The judgment of the High Court in Josiya makes only passing reference to Vedanta, and does not refer to Okpabi or Maran at all.  Notwithstanding that, the influence of these decisions is apparent in two respects.  First, a common thread of the Vedanta, Okpabi and Maran decisions was that in refusing to dismiss the alleged novel duties of care, the Supreme Court and Court of Appeal emphasised that on such preliminary challenges (jurisdiction challenges in Vedanta and Okpabi, an application for strike out in Maran), the Court should only look behind a claimant's pleadings in limited circumstances, and held that it is not permissible for a Court to conduct a "mini trial" assessing the strength of the evidence in support of the claim.  This approach was reflected in Josiya, where the High Court said its role in assessing the first ground of the applications (no reasonable grounds to bring the claim) was confined to assessing the coherence and validity of the claim as pleaded, and not the supporting evidence.  Even though the Court accepted in principle that the strength of the evidence in support of the pleadings was relevant to the second ground (whether the pleadings were an abuse of process), the Court went on to find that it was sufficient that the Claimants had an evidential basis for their pleadings on the nexus issue, in the absence of any allegation of bad faith, and expressly refused to scrutinise that evidential basis further.  The High Court's decision therefore aligns with these preceding decisions, and appears to be reflective of a trend in the Courts' approach to early stage applications to dispose of these types of novel claims.

Second, the influence of the Vedanta, Okpabi and Maran decisions may also be reflected in the fact that in Josiya, the Defendants' applications for strike out focused squarely on the nexus issue, and not the specific novel causes of action alleged against them (duties of care, conversion and unjust enrichment).  Although this is not addressed in the judgment, it may be that the Josiya Defendants were dissuaded from seeking strike out of the causes of action directly, given the permissive approach to novel duties of care taken by the Supreme Court and Court of Appeal in the preceding decisions.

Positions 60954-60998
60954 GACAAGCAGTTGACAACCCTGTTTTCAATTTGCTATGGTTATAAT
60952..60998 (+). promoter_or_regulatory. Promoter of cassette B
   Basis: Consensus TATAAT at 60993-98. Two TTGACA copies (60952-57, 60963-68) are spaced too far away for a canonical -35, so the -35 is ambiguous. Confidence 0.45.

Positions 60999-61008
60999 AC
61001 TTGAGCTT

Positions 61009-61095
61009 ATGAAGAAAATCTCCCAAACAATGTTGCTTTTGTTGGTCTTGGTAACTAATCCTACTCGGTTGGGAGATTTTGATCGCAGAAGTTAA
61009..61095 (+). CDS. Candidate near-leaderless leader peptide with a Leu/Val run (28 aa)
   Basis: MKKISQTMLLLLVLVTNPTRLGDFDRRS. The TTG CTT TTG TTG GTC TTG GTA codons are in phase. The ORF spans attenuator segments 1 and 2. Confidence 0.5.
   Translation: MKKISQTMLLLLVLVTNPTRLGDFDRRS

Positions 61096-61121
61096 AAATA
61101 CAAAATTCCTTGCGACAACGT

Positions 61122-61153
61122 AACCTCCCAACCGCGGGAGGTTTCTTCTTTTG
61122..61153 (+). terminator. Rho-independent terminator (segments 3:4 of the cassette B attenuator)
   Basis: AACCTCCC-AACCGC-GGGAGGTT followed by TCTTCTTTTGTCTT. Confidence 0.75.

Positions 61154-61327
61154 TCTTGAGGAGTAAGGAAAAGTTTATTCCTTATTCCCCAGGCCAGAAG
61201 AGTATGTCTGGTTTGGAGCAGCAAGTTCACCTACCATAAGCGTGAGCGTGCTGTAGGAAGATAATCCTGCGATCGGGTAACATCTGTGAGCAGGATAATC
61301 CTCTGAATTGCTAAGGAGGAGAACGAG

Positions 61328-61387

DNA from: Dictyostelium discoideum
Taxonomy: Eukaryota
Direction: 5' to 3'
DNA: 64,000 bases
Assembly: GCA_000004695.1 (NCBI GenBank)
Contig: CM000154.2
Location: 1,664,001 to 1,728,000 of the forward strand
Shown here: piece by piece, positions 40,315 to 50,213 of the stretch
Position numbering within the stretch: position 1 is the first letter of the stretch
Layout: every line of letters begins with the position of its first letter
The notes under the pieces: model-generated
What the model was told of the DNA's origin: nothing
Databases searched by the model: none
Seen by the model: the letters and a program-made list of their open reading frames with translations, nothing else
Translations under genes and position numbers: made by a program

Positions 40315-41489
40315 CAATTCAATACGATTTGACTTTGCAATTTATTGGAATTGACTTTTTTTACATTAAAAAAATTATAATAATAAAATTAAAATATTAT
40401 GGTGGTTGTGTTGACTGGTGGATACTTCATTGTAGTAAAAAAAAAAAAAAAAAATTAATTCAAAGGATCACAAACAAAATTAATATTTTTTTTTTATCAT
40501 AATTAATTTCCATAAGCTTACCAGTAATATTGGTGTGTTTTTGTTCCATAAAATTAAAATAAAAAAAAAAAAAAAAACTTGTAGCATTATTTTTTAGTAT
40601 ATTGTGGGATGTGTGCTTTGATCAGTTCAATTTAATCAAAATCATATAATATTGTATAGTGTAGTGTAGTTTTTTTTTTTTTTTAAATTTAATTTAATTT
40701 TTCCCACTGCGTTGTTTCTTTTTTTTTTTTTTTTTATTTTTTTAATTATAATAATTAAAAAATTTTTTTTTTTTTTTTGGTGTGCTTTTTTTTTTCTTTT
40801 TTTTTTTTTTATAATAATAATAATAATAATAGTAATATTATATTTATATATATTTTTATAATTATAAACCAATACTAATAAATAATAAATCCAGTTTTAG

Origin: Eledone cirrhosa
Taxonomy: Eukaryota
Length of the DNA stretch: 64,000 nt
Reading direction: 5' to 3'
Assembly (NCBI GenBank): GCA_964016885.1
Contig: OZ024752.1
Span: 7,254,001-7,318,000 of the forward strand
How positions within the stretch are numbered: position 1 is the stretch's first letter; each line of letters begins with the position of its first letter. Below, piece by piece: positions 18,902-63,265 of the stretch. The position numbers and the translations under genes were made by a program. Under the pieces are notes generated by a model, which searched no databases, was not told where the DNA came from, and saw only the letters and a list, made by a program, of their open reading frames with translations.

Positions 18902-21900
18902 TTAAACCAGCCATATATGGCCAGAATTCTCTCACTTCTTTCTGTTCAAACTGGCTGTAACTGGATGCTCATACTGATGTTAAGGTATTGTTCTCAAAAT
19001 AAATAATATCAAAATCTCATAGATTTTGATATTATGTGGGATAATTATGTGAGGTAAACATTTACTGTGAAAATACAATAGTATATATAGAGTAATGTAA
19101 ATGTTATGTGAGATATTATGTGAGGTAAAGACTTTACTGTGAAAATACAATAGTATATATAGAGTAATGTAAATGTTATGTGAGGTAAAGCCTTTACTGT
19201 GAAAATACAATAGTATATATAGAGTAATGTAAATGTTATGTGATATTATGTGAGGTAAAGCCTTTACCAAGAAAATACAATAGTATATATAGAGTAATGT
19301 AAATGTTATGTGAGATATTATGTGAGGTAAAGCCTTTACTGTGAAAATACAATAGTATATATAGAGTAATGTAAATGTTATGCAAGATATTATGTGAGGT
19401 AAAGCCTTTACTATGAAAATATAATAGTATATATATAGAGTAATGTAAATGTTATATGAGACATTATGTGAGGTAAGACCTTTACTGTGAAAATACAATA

Also important is the fact that although the Vedanta and Okpabi cases concerned the responsibility of parent companies for their subsidiaries' operations, the Supreme Court made clear in its judgments in both cases that liability in negligence is not confined to the parent / subsidiary relationship.  Maran and now Josiya both demonstrate the English Courts' apparent willingness to allow novel claims to proceed here against UK domiciled companies in respect of the operations of third parties in their global value chains.

Ultimately, the collective effect of this growing body of case law is that UK domiciled defendants face growing litigation risk in respect of alleged harms connected with their global value chains, particularly in relation to business ethics and human rights and environmental practices.  This must now necessarily be considered as part of corporates' management of their ESG-related risk.  Many of these claims would appear to face formidable difficulties in ultimately succeeding, and not one of these types of claim is yet to reach trial; nevertheless, these decisions illustrate the cost and potential reputational pressure that this type of litigation can pose, and the difficulty of drawing a line quickly under such claims, even though they may well be fundamentally flawed on their merits.   Indeed, it is the very novelty and ambition of these claims in stretching established boundaries of law which appears to be playing a role in their ability to survive early attempts by defendants to dispose of them.  That said, it is important to consider closely the grounds on which those applications have been brought and the specific reasons why they have failed, rather than assuming that any attempt to strike out a novel claim of this nature would be doomed to failure.  Moreover, the post-Brexit developments regarding the UK's jurisdictional regime is likely to be critical in shaping how matters unfold in this area, given that these claims require – and are indeed constructed around – a jurisdictional nexus with the UK which allows them to proceed before the English Courts.  

 

For more on this topic, see our article on the Maran decision; and our article on recent developments in the landscape of corporate risk in the 2021 Dispute Resolution Yearbook.